I was pleasantly surprised by the manual Accord coupe. It’s a good example of Honda’s knack for building vehicles that appeal to the mainstream consumer but still offer a bit of enjoyment for the enthusiast. The light steering is effortless in daily driving but it also provides enough feedback to be rewarding on the curvy stuff. Even with 271 hp, the 3.5-liter V-6 doesn’t often overpower the front tires but it’s also no slouch. Plus, it sounds great. Start off slow and you’ll hear a nice muffled growl; floor it and that faint noise builds into a roar by the time it reaches redline. The six-speed manual and the clutch pedal require more effort than I expect from a Honda — particularly the heavy clutch — but it wouldn’t stop me from choosing the manual if I were going to buy an Accord coupe.
From behind the wheel, there’s an overall feeling of lightness to the Accord coupe that makes it an easy car to enjoy. It may not be a proper sports car, but it’s a good option for those who are ready to move on from their sporty compact but aren’t yet willing to commit to a sedate mid-size sedan.
Jennifer Misaros, Production Editor
The Honda Accord is something of a dark horse candidate if you’re looking for a sporty, comfortable, and relatively affordable coupe. What never ceases to amaze me is just how FAST the Accord is when tied to a six-speed manual. How fast? Try 5.7 seconds from 0-60 mph and 14-flat through the quarter-mile, according to our sister magazine Motor Trend. If you’re in an older Mustang or Camaro and see one of these pull up next to you at a light, don’t laugh. Power delivery is silky smooth, with just the right amount of V-6 growl. The gearbox isn’t quite up to Honda’s best-in-the-business standards, but is still very precise and smooth in its action.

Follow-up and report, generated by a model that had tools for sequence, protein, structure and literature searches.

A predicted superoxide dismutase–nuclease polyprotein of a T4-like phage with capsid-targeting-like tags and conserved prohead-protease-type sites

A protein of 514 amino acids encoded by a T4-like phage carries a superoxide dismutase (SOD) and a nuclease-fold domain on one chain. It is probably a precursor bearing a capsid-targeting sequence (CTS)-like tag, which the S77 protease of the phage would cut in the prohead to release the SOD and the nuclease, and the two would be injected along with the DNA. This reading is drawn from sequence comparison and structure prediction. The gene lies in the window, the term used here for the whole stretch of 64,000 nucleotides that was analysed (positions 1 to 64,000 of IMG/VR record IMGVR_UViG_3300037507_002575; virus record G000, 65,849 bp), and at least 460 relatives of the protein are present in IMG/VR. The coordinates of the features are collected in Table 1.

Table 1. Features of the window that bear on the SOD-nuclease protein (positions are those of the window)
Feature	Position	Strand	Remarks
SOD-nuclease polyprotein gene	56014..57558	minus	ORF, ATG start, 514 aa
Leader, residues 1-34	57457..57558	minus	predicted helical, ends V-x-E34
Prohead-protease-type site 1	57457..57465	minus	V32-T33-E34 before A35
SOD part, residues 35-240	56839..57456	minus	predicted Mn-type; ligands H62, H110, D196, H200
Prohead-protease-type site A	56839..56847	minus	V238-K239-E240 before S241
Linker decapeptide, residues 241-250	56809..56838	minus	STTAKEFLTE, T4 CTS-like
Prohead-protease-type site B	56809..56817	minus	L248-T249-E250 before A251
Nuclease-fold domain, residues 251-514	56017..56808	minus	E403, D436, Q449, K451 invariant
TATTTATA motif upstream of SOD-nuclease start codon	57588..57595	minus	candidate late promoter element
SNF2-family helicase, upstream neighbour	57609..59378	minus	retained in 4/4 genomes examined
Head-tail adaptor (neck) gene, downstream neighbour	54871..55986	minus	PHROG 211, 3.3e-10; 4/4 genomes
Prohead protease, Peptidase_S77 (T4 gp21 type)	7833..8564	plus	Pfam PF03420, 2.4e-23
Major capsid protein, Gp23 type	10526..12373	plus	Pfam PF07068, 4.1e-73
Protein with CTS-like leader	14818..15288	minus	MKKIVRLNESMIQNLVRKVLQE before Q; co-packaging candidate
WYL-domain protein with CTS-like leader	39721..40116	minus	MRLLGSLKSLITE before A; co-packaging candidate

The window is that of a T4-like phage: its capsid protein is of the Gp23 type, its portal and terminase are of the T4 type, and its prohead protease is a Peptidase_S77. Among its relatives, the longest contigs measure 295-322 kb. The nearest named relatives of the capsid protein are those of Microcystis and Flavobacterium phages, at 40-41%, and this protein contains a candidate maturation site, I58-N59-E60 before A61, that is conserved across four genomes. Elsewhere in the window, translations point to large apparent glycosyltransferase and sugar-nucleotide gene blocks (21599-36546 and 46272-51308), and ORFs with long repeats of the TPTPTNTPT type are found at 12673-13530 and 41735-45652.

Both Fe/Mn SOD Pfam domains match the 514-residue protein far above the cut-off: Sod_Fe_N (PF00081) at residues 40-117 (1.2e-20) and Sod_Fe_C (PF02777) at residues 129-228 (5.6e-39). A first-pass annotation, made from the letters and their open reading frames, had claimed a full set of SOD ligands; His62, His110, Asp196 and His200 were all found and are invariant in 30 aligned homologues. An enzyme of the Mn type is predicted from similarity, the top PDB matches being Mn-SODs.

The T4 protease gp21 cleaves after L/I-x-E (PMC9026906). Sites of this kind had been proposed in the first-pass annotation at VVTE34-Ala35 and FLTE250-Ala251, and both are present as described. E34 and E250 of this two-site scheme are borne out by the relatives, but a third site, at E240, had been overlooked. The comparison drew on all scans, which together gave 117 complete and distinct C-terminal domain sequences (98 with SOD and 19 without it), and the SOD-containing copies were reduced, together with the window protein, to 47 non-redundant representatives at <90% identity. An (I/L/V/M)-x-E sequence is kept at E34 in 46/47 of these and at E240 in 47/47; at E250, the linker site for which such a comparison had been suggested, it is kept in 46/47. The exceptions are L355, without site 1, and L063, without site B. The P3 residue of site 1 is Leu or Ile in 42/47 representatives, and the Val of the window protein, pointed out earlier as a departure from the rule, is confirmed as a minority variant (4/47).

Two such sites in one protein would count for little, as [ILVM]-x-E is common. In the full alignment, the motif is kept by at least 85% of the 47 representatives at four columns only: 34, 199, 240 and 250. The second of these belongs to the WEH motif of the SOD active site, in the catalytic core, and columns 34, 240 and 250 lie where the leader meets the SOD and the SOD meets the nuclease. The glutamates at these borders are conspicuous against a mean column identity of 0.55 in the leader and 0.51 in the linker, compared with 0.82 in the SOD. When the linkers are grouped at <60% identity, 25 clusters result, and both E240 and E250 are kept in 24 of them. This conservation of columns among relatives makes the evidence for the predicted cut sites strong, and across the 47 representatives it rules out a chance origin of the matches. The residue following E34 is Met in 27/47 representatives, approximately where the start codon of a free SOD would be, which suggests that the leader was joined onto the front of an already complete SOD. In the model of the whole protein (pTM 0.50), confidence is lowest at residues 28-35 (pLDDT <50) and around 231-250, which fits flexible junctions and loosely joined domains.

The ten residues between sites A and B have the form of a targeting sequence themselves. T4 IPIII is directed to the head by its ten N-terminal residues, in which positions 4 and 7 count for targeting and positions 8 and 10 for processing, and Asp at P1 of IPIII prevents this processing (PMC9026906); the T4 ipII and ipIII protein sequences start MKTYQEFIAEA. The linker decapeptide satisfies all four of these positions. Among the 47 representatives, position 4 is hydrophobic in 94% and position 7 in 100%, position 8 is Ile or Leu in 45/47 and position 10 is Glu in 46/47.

The Accord reminds you it’s not a sports car in corners. Yes, it’s still better than most other front-wheel-drive mid-size cars, but it’s nowhere near as sharp as the rear-wheel-drive two-doors in this price range.
David Zenlea, Assistant Editor
My esteemed colleagues fervently believe that a manual transmission is always better than an automatic, citing ‘driver involvement’ as the evidence. I lack that conviction. If I am to be involved with a system controlled by three pedals and a shifter for an extended period — i.e. throughout the ownership experience — I expect it to work properly. While the Accord coupe’s engine is well behaved and its shifter slices the H-pattern into manageable bits, this Honda has one fatal flaw: It doesn’t pass the acid test I apply to all stick-shift test cars. This is something anyone can try at home. On a road free of traffic, select an upper gear — say third — at a modest speed — say 25 mph. Keep a sharp eye on the tach needle while flooring the throttle. Then you quickly depress the clutch while abruptly lifting off the gas. Ideally, the tach needle rises only a few rpm. In the Accord’s case, the jump ranged between 1000 and 1500 rpm. This procedure proves that the Accord’s throttle hangs open for an instant after pedal pressure is removed. And that when you tell it to slow down — because your radar detector beeped, you’ve encountered a patch of slick pavement, or you’ve underestimated the severity of a bend — this coupe is lackadaisical about responding. For that reason, I suggest you skip the stick if an Accord coupe is on your shopping list.
Don Sherman, Technical Editor
Oh my! Clearly the ornery Mr. Sherman hadn’t driven a 2011 Ford Mustang with a V-6 and a stick shift before he wrote the above rant about the Accord’s hanging throttle. The Honda’s throttle response didn’t seem odd to me, but I definitely was thrown off by the Ford’s lazy behavior.